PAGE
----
Monday, October 24, 2011

The Curse and the Mummy

What is really fantastic about director Karl Freund's 1932 classic horror film The Mummy is that it so radically breaks with traditional themes while still retaining all the best of the horror genre: while there is still fear, suspense and the encroaching great 'unknown,' it doesn't utilize the horror genre as a vehicle for sexual pathos the way most horrors do, but it is definitely about pathos and resurrection.
It doesn't take much to figure out that Boris Karloff plays the mummy, Imhotep (and after he's "resurrected," he goes by the name of Ardeth Bey). Archaeologists have discovered the sacred Scroll of Thoth which gives life back to the dead, and the young archaeologist can't wait to find out what it means: transliterating the hierogylps, he merely utters the words and that is enough to give "the breath of life" back to a mummy dead for thousands of years. Taking the scroll with him, Imhotep plans to find his love, the Egyptian princess who's spirit is now in Helen Grosvenor (Zita Johann). Helen both wants to give herself up to Ardeth Bey and his plan to kill her and then resurrect her through the same means that he himself was resurrected, but she also wants to live and be of her own time.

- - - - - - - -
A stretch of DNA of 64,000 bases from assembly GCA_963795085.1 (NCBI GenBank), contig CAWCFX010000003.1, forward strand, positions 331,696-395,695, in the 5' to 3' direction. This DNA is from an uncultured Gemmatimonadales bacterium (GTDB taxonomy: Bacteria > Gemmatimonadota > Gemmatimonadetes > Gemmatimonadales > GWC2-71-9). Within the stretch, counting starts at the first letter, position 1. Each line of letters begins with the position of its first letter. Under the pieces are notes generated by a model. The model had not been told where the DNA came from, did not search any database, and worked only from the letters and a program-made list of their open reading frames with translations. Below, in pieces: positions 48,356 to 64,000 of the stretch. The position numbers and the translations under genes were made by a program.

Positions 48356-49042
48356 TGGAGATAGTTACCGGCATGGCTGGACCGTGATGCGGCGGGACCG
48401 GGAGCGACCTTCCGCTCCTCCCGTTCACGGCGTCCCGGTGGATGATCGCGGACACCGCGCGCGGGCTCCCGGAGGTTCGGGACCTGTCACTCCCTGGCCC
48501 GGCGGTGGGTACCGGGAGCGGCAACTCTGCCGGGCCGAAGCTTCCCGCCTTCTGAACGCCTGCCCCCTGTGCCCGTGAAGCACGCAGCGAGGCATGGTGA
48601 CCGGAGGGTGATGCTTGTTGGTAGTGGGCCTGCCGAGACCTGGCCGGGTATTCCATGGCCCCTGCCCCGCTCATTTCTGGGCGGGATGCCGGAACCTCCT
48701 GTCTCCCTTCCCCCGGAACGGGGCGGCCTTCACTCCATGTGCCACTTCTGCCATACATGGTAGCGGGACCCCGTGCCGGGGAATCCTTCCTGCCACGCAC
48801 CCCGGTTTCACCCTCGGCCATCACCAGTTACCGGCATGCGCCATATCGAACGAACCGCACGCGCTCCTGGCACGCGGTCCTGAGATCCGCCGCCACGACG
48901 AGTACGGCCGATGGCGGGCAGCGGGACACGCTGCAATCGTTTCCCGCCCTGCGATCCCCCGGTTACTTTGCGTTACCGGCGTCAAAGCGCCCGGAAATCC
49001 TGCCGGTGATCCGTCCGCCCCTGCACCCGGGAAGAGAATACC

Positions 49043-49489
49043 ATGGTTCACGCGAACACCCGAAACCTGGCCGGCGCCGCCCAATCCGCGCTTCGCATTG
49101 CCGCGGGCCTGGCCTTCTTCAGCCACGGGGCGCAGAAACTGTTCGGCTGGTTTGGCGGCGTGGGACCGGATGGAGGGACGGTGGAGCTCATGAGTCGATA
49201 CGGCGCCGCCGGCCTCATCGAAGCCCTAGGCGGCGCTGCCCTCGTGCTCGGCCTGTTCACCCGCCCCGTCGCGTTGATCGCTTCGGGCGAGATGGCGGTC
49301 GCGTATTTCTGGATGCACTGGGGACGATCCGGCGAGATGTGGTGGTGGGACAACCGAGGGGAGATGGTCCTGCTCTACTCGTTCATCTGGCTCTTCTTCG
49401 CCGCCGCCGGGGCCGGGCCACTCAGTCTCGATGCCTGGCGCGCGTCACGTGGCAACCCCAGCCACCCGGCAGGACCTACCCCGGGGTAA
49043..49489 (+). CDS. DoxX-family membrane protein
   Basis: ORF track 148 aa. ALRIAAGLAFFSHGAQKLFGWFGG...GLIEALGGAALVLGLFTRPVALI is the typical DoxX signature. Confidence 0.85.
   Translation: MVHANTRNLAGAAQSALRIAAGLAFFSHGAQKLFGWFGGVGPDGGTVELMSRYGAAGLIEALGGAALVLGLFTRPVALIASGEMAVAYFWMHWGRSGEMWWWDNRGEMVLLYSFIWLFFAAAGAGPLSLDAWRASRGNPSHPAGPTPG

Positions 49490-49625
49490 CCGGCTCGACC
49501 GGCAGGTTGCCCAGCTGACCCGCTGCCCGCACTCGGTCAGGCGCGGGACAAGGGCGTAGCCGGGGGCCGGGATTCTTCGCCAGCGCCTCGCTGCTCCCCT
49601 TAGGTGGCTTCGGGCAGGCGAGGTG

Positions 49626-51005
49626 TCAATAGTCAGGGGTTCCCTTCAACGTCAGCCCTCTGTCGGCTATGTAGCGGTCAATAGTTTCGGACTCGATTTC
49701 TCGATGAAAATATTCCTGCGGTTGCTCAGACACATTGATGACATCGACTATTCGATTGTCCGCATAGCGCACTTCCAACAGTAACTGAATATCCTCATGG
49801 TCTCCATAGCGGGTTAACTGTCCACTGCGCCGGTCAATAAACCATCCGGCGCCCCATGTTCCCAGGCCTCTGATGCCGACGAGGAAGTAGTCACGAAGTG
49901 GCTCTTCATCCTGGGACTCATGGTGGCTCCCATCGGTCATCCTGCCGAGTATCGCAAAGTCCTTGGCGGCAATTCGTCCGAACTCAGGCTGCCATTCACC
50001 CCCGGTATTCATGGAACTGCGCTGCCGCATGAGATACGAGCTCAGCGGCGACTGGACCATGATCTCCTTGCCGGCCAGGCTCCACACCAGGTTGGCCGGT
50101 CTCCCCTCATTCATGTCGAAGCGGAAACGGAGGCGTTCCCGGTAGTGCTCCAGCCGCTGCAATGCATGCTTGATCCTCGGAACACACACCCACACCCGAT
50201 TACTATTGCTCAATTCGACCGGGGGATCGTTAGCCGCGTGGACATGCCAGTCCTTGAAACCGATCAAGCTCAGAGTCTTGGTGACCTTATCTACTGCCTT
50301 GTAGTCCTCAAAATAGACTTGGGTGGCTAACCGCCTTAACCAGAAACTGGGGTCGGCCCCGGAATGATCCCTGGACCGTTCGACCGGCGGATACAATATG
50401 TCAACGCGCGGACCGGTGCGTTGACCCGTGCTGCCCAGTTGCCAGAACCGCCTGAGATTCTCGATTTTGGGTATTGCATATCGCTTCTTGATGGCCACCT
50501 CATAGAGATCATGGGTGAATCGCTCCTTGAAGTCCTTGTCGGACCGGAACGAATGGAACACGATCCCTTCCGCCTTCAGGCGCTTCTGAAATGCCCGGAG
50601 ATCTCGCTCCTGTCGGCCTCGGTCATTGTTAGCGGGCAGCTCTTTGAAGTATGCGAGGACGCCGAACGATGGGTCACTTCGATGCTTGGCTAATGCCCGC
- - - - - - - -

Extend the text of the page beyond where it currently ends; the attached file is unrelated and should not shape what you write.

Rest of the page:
At the moment the mummy regains life and steals the Scroll of Thoth.
In 1932, what had died and needed to be resurrected?
The American Economy.
In the early 1930's, the world-wide Great Depression was here to stay and people everywhere were realizing it. The American economy had bottomed out from a huge percentage of unemployed and poor. At dire times such as these, people begin to question and examine, "What went wrong?" "How did we get here?" and from what's going on in today's economy, we all know the dark, ugly truth of that. The Mummy was one of many films exploring some of the options and fears of American's at that moment in history.
Bread and soup line during the Great Depression in America.
Imhotep, a priest during the ancient golden era of Egypt, symbolizes the founding fathers of America's golden era, the Revolution. The team of archaeologists who dig him up? Economists and historians in the 1930s trying to figure out where we had been, so they could tell us how we got here. The Scroll of Thoth? The great American Constitution. That single document, more than any other, that gave life to this nation and it's principles is still the soul of this country to this day. When colonial America was nearly dead from the "grip of taxation," under the "British yoke of tyranny," it was the words of Thomas Jefferson who revived the broken spirit and led us onto win the War for Independence.